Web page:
In order to evaluate usefulness of the SWApriori algorithm and to prove its ability to mine
ARs from semantic web data directly and without the end-user involvement, some
experiments on Drugbank dataset have been made that show the proposed method is able to
make 2-large itemsets and larger itemsets without regard to transactions and finally generates
ARs based on these large itemsets. This method does not involve the end-user in the mining
process in the sense that he/she does not need to be familiar with the ontology and dataset
6.1. Dataset

In order to test the proposed algorithm Drugbank dataset was used which is a detailed
database on small molecules and biotech drugs. Each drug entry ("DrugCard") has extensive
information on properties, structure, and biology (what the drug does in the body). Each drug
can have 1 or more targets, enzymes, transporters, and carriers associated [35].
The Drugbank dataset has heterogonous semantic annotations and contains 772,299
different triples; from these triples, 249,967 distinct entities (subject and object) and 110
distinct relations are extractable. In this dataset each subject has 34 relations on average.
6.2. Experimental set-up

To extract 2-large itemsets, the input data must be converted to the algorithm standard
format. This conversion is done automatically by the algorithm so that all subjects, predicates
and objects are converted to equivalent numerical IDs. On the other hand, each triple is
expressed by SubjectID, PredicateID and ObjectID.
The input data may be a complete dataset or a subset of a complete dataset. The input
dataset can also be a concatenation of multiple datasets that has been made using SPARQL
language and linked data standards [24]. That is if the end-user wants, he/she can select a
subset of the entire dataset by a SPARQL query and then feed this sub dataset to the
algorithm or can concatenate multiple datasets and then feed this super dataset to the
Finally after generating large itemsets and strong rules, in order to interpret the results, the
numerical IDs is converted to the equivalent text values. In semantic web datasets, because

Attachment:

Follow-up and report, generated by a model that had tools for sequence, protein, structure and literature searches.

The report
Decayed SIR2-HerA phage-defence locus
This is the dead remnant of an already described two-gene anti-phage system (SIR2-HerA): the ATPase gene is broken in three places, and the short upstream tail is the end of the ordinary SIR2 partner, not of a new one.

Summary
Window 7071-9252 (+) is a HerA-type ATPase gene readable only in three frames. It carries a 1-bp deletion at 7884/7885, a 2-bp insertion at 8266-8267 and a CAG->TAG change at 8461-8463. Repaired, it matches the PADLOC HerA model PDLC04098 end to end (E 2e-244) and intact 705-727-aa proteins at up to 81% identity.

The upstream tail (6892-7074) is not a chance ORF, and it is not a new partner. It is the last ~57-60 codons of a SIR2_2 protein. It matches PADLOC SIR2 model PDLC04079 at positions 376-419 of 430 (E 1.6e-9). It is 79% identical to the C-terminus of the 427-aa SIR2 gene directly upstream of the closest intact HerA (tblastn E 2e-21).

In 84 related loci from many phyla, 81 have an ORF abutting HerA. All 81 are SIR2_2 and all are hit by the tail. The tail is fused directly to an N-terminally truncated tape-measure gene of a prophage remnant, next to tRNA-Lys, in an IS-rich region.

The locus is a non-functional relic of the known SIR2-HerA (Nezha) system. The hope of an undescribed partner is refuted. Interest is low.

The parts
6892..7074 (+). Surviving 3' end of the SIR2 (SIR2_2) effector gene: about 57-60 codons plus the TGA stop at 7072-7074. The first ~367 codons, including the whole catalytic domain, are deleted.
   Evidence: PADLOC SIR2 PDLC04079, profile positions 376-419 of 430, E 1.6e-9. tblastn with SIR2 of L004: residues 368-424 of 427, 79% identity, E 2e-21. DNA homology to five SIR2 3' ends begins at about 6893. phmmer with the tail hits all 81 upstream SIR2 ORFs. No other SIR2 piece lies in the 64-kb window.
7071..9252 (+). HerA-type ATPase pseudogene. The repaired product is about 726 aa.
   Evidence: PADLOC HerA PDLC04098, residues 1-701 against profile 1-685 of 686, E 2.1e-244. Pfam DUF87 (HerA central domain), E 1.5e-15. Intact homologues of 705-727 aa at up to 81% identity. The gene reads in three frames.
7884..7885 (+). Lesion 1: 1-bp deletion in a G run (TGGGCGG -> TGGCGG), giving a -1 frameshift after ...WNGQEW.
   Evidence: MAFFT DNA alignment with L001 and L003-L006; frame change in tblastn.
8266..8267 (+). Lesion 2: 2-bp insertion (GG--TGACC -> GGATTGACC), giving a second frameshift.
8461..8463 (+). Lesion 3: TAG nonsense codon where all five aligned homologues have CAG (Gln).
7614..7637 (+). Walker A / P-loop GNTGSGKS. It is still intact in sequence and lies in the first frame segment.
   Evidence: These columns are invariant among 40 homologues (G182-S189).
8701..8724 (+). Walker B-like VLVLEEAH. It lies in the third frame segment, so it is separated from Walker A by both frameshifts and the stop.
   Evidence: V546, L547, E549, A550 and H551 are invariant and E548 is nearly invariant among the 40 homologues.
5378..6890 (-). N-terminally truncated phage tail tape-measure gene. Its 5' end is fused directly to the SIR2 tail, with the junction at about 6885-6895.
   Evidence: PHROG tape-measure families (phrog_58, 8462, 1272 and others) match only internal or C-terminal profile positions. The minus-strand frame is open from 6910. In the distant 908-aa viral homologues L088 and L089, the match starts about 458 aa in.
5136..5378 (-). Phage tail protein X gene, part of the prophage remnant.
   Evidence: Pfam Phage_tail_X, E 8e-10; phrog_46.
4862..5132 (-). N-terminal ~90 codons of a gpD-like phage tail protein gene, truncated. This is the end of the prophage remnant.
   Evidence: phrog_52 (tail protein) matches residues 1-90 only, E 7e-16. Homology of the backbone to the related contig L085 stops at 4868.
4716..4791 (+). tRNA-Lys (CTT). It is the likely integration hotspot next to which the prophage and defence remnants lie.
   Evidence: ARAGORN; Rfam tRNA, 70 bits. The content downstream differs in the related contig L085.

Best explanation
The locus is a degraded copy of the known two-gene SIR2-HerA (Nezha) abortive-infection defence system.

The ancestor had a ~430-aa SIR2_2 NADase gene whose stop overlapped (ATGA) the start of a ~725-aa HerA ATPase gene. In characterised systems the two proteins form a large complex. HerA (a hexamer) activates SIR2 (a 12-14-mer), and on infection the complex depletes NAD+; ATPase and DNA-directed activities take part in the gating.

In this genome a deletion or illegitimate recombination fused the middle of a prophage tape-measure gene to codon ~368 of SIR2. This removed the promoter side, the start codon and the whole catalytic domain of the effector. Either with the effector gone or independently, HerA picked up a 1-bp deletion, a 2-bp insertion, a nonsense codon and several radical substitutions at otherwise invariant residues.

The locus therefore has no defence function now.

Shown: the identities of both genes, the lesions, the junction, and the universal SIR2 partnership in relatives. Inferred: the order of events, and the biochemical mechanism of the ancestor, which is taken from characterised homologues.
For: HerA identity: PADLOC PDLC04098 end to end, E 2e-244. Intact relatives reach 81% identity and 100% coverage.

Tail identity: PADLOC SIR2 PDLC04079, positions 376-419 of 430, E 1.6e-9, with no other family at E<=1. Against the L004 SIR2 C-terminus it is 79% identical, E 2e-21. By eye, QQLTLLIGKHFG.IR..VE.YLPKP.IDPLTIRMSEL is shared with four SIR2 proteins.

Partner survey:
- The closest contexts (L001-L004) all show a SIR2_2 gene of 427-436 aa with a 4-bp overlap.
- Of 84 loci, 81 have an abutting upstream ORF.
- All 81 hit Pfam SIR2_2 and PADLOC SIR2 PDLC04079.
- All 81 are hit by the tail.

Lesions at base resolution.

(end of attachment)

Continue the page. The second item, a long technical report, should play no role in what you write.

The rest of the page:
there is no exact definition of transactions, the end-user or the expert himself/herself has to
interpret the generated rules and use them in real world applications.
6.3. Previous Work

Since there are fundamental differences between SWApriori and previous work and hence
comparing generated results may not show the advantages of methods over each other, in this
subsection SWApriori and its generated results is structurally compared with [22] and [26].
Some results obtained by applying SWApriori on Drugbank dataset will be presented in next
SWApriori employs itemsets which have many immediate common subjects to generate
larger itemsets. Immediate subject means an object concerned to a subject, both should be
located at one triple. In contrast, the proposed algorithm in [22] employs objects that are
directly or indirectly connected to a common subject to generate transactions. This means
there is one or more edges between subject and the employed object in the input graph.
Hence SWApriori could not generate all ARs that the proposed algorithm in [22] could. In
addition since the end user in [22] by knowing the structure of the dataset and ontology

determine which objects should be used to generate transaction, the generated ARs are
specified to special objects, but in contrast since the generated ARs by SWApriori are general
and encompass all relations and objects, a filtration, such as [36], should be done on the
generate rules to extract interested and useful ARs.
As it was mentioned earlier, the proposed method in [26] uses only two parts of triples to
generate transactions and hence it loses a lot of information. In addition since one part of
triples is used as TID and this TID is employed by Apriori just for identifying transactions
items, the generated rules are ambiguous, because no information about TIDs is presented in
the generated rules. SWApriori can generate all ARs generateable by [26] when objects are
used as Target (rows #2, #4 in Table 1).
The ARs generated by SWApriori contain one item and one of its concerned relations. But
in contrast the ARs generated by [22] and [26] contains only one item and they suppose there
is "being together" relation among items.
6.4. Results

In this subsection, the acquired results will be described. The proposed method in this paper
is a new approach to mining ARs from semantic web data that in contrary to other existing
methods [22, 23] does not require that the end-user be familiar with the structure of dataset
and ontology and also does not convert semantic web data to traditional tabular data and does
not use traditional ARM algorithms. The results obtained show the effects of applying
SWApriori algorithm with different MinSup values on Drugbank dataset. The obtained rules
prove this new approach is able to mine ARs from semantic web data directly without the
need for transactions and end-user involvement.
In the following you can see some results of mining ARs from the Drugbank dataset. In
these results, the MinConf value is 0.7 and the MinSup values range is between 0.02 and 0.33.